UK house price growth speeds up in January as buy-to-let stamp duty hike looms

Emma Haslett
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House prices are rocketing (Source: Getty)

House price growth sped up in the year to January, new data showed this morning - suggesting buy-to-let investors are trying to sneak in those transactions before new stamp duty rules are introduced in April.

The annual figure was up from 9.5 per cent in December and nine per cent in November, according to Halifax's house price index.

In the three months to January, prices rose 2.2 per cent, up from 1.6 per cent in December. However, month-on-month they dipped slightly - from a two per cent rise between November and December to a 1.7 per cent rise between December and January.

Read more: Homes now cost more than £500,000 in over half of London postcodes

Meanwhile, Halifax pointed out that supply fell to a record low during the period.

The surge in growth comes ahead of a three per cent hike to stamp duty on buy-to-let homes, due to come into effect in April.

"It does appear that housing market activity is being lifted at the moment by buy-to-let investors looking to make a purchase before April’s rise in Stamp Duty for the sector," conceded Howard Archer, chief UK and European economist at IHS Economics.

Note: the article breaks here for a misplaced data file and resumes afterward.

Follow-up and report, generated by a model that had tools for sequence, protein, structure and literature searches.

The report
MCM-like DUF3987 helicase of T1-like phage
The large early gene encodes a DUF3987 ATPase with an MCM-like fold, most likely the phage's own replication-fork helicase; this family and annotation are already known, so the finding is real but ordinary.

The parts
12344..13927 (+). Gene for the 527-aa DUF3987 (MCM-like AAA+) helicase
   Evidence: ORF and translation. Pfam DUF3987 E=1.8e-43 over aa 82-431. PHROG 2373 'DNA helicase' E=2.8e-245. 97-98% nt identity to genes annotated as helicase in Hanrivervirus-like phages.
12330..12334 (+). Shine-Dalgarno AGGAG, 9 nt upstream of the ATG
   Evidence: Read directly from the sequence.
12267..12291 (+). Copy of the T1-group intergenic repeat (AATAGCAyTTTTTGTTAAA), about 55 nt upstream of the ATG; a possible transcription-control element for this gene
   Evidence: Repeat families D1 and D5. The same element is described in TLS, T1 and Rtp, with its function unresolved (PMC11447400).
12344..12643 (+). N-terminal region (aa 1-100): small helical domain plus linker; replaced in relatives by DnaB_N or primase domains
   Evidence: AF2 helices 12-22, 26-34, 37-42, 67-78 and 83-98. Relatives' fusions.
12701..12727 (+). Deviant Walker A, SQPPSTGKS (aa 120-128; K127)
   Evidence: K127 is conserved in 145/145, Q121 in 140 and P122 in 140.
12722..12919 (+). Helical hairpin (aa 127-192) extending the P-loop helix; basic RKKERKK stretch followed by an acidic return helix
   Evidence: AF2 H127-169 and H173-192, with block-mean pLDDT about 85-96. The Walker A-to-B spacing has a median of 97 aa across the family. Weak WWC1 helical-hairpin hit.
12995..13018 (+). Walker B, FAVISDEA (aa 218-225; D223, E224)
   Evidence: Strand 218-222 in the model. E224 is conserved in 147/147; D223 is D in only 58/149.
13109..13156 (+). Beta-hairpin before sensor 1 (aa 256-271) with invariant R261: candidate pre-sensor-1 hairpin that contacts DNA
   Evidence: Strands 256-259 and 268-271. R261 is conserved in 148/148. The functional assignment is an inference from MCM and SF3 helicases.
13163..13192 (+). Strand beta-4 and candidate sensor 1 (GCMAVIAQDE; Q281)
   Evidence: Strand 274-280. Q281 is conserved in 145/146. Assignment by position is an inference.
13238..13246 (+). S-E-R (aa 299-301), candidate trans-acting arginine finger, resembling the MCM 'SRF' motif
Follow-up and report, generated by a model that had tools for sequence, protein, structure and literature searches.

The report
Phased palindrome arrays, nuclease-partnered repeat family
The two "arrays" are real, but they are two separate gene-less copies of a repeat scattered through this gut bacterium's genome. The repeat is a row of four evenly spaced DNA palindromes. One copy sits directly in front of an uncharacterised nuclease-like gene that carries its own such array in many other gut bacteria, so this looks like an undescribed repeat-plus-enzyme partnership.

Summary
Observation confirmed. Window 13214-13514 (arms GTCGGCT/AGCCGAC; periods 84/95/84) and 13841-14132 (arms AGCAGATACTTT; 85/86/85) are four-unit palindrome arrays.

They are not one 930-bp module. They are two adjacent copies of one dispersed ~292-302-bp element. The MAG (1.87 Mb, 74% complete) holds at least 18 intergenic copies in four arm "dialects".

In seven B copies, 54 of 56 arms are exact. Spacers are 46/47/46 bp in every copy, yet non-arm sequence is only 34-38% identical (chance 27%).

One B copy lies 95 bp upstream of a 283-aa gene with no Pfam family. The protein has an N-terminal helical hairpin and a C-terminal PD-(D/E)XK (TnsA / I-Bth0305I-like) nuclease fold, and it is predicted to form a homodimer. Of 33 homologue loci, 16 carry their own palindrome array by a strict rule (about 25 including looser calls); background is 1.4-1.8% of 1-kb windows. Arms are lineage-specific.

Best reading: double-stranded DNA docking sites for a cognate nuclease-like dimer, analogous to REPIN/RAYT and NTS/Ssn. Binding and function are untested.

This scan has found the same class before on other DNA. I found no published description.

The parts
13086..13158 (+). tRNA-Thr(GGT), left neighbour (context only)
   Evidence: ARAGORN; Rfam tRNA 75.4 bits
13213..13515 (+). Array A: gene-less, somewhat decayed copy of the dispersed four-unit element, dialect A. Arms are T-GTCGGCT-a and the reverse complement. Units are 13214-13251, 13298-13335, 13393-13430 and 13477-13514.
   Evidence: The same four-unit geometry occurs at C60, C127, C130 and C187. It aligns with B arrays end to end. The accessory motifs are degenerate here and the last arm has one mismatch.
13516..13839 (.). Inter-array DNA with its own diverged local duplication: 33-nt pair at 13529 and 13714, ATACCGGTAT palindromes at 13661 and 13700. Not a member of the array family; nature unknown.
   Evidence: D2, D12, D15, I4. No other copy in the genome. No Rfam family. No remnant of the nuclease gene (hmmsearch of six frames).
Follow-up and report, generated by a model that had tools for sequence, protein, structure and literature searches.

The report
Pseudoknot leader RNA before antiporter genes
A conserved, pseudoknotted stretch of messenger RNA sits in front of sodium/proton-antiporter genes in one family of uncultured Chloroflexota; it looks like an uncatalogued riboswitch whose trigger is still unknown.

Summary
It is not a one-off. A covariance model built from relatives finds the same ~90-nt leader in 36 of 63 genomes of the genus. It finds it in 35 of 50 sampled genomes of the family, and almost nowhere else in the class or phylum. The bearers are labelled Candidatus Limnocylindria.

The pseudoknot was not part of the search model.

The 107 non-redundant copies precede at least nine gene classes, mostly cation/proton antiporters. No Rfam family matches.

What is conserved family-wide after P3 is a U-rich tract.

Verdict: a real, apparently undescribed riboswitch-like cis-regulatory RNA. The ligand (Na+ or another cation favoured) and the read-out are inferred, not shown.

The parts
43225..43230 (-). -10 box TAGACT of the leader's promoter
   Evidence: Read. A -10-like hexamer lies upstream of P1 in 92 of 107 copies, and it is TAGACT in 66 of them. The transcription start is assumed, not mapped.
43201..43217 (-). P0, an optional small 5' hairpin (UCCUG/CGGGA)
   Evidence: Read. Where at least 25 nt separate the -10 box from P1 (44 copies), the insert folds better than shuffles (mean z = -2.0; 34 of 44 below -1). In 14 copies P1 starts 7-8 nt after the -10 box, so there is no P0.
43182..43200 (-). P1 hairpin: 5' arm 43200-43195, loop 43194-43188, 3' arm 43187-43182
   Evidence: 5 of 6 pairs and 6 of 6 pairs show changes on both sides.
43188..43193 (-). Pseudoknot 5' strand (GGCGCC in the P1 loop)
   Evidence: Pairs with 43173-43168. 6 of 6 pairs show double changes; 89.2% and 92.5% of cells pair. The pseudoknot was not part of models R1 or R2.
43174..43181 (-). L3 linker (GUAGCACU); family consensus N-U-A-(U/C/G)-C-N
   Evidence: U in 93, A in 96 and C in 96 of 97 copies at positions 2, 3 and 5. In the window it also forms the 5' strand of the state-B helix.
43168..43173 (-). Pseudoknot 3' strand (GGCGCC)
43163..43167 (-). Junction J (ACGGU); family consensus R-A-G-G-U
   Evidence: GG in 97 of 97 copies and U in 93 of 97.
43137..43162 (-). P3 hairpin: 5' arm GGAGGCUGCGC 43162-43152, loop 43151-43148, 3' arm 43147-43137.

"This could well exert upward pressure on house prices in the near term. Post April, this move may modestly dilute housing market activity and upward pressure on prices."

Samuel Tombs, chief UK economist at Pantheon Macroeconomics, added that the sector is experiencing a perfect storm.

Read more: George Osborne is playing a dangerous game with London buy-to-let

"Lower mortgage rates have enabled households to take on more debt in the short-term, while the dearth of homes for sale has resulted in intense buyer competition.

"With wage growth set to strengthen in response to the decline in labour market slack, interest payments currently comprising only a small fraction of homeowners’ income and supply shortages unlikely to be resolved overnight, price gains look set to remain rapid in 2016."

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